The Tao of Gaming

Boardgames and lesser pursuits

On the Underground Initial Thoughts

I got in another play of On the Underground today. Another “pick up and deliver” rail game, but fast and fresh.

Players get a few lines on the London Tube. One line has 20 connections, the others have 15 each. On your turn, you get four actions. The most basic action is laying a rail link. Fairly standard rules, there are 1-5 connections between each adjacent station, each color of your rail line must be contiguous (although your colors don’t have to touch). Apart from laying a track, you can also get a ‘branch token.’ You spend two branch tokens (when laying track) to branch, instead of place at an endpoint. Branching is unlimited, apart from the time.

There are several ways to score. Some stations are worth one point when you connect. The ‘end of line’ stations are worth two points (and a branch token). Some stations get a ‘district’ token (the electronics district, dining district, etc). If a single line connects them, that’s three points. Finally, if you make a loop around 1 or more stations, then you get one point for each station you enclose.

And then there is the passenger.

After each player moves, the passenger (or mob) will move. There are four destinations shown at the start of the term. (The destination deck includes all the stations that aren’t dead ends or 1 point connectors). The passenger will go to the ‘nearest’ main station (gold), and then go from there to the ‘nearest’ substation (white).

Nearest is defined lazy passenger style — The least walking. Why walk a block when you can take a 15 minute ride? Anyway, if there’s a tie on walking, then the passenger will choose by “least number of lines used.” If it’s still tied, the active player decides. Each line used (whether for one link, or a dozen) gets a point for the owner.

That’s basically it.

Right now the big sell of “On the Underground” is speed. This seems to be a 45 minute game, maybe 60 minutes. You balance short and long term scoring … getting an extra point on the passenger now versus trying to close a loop, make a connection, or grab a link that will get used to run back and forth. The ‘fewest links’ rules mean that lines that were initially cooperating (so that the passenger won’t have to walk) naturally compete to cut each other out.

As I mentioned before, I’m not quite ready to buy, but it’s nice. So far the winner has always made a big central loop, but I suspect that will change as competition for the loop grows and people get the hang of this.

I’d avoid this with anyone who tended towards slow play. There’s plenty to ponder, but lots of randomness in the destination deck. I’m sure good play helps, maybe quite a bit, but I’d rather not spend 90 minutes or two hours on this.

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Written by taogaming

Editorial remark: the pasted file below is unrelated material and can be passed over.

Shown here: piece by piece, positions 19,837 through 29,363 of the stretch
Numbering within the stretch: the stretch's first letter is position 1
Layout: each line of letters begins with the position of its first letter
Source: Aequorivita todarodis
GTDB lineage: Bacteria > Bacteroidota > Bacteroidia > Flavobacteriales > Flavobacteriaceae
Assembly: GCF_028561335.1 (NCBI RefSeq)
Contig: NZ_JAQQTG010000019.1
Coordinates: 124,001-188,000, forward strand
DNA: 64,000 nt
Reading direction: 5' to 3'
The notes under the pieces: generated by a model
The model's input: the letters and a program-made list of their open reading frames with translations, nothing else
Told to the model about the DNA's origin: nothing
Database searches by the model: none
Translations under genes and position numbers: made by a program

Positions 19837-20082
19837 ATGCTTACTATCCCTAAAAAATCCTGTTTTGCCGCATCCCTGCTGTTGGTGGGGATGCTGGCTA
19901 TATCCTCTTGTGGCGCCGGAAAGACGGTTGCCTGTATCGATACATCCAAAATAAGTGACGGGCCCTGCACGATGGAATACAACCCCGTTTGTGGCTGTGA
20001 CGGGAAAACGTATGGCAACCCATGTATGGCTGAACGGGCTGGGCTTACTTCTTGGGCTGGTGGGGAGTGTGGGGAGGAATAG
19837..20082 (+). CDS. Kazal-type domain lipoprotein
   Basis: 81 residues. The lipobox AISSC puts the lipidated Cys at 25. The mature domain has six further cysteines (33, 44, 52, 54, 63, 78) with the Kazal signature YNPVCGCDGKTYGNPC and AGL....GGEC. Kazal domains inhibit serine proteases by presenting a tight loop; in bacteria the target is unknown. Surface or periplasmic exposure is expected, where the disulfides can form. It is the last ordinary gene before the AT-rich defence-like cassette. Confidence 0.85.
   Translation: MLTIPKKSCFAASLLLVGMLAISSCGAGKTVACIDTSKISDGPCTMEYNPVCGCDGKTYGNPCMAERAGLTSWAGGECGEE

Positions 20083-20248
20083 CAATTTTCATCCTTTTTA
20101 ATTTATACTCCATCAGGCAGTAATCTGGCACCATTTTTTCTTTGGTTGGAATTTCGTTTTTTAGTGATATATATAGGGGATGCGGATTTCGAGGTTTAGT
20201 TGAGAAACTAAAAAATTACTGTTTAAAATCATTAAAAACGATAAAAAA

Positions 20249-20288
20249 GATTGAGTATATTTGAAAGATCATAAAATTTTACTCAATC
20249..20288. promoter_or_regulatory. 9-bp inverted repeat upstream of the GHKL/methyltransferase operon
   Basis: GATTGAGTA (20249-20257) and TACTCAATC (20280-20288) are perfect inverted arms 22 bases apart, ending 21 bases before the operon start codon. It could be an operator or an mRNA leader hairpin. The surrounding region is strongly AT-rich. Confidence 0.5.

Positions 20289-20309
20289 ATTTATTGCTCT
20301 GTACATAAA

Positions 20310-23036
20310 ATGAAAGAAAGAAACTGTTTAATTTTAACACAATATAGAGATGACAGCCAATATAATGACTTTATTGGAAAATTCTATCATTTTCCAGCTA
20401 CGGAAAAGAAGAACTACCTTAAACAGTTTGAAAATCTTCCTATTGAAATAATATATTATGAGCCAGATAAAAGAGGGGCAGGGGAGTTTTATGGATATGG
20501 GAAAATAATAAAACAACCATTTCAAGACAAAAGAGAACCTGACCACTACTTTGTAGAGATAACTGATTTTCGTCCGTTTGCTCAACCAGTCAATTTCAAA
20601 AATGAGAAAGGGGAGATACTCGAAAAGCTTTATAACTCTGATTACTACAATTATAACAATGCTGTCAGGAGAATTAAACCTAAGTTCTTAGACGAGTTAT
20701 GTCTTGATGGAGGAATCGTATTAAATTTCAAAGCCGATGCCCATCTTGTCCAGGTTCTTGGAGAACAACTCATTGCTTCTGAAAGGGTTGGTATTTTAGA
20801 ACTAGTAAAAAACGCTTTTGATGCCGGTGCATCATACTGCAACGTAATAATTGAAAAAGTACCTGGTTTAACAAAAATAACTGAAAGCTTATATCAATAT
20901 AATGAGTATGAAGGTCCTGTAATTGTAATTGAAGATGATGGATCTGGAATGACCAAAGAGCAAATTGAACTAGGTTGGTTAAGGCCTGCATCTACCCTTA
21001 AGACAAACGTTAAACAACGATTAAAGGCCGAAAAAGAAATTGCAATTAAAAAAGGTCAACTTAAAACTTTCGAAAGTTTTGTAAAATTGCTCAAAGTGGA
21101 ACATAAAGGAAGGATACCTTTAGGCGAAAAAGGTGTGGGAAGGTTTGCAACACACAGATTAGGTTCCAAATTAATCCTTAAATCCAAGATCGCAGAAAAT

September 8, 2007 at 9:41 pm

Posted in Reviews

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5 Responses

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  1. Oddly enough, I’ve never seen a central loop player win in seven games so far. For some reason, those who have tried it have failed. Just one person’s additional data to add to the pile.

    I suspect that the placement of the green chips affects this, but it’s possible that we just haven’t gone about it right in our games.

    Eric Brosius

    September 8, 2007 at 10:21 pm

  2. Well, in both cases the “loop” player was also the owner of the game, and had more experience, so that may not be the only issue. But it does seem that the central loop gets 5+ bonus points, and usually manages to sneak a point on the passenger a fair amount of the time. With winning scores of 60-ish, that’s pretty big.

    Brian

    September 8, 2007 at 10:34 pm

  3. Well, in both cases the “loop” player was also the owner of the game, and had more experience, so that may not be the only issue. But it does seem that the central loop gets 5+ bonus points, and usually manages to sneak a point on the passenger a fair amount of the time. With winning scores of 60-ish, that’s pretty big.

    Brian

    September 8, 2007 at 10:34 pm

  4. My biggets loop was worth 8 points, and I came in 2nd.

    ekted

    September 8, 2007 at 11:23 pm

  5. I can’t get the time down on this one. We thought it would work as a lunch game, but it’s running 75 minutes at a minimum. I bet your central loop suspicion is correct. Lots to like here, though, so maybe worth a “real” (i.e., non-lunch) game slot. It just looks smaller than it is.

    Jon Waddington

    September 10, 2007 at 9:40 am


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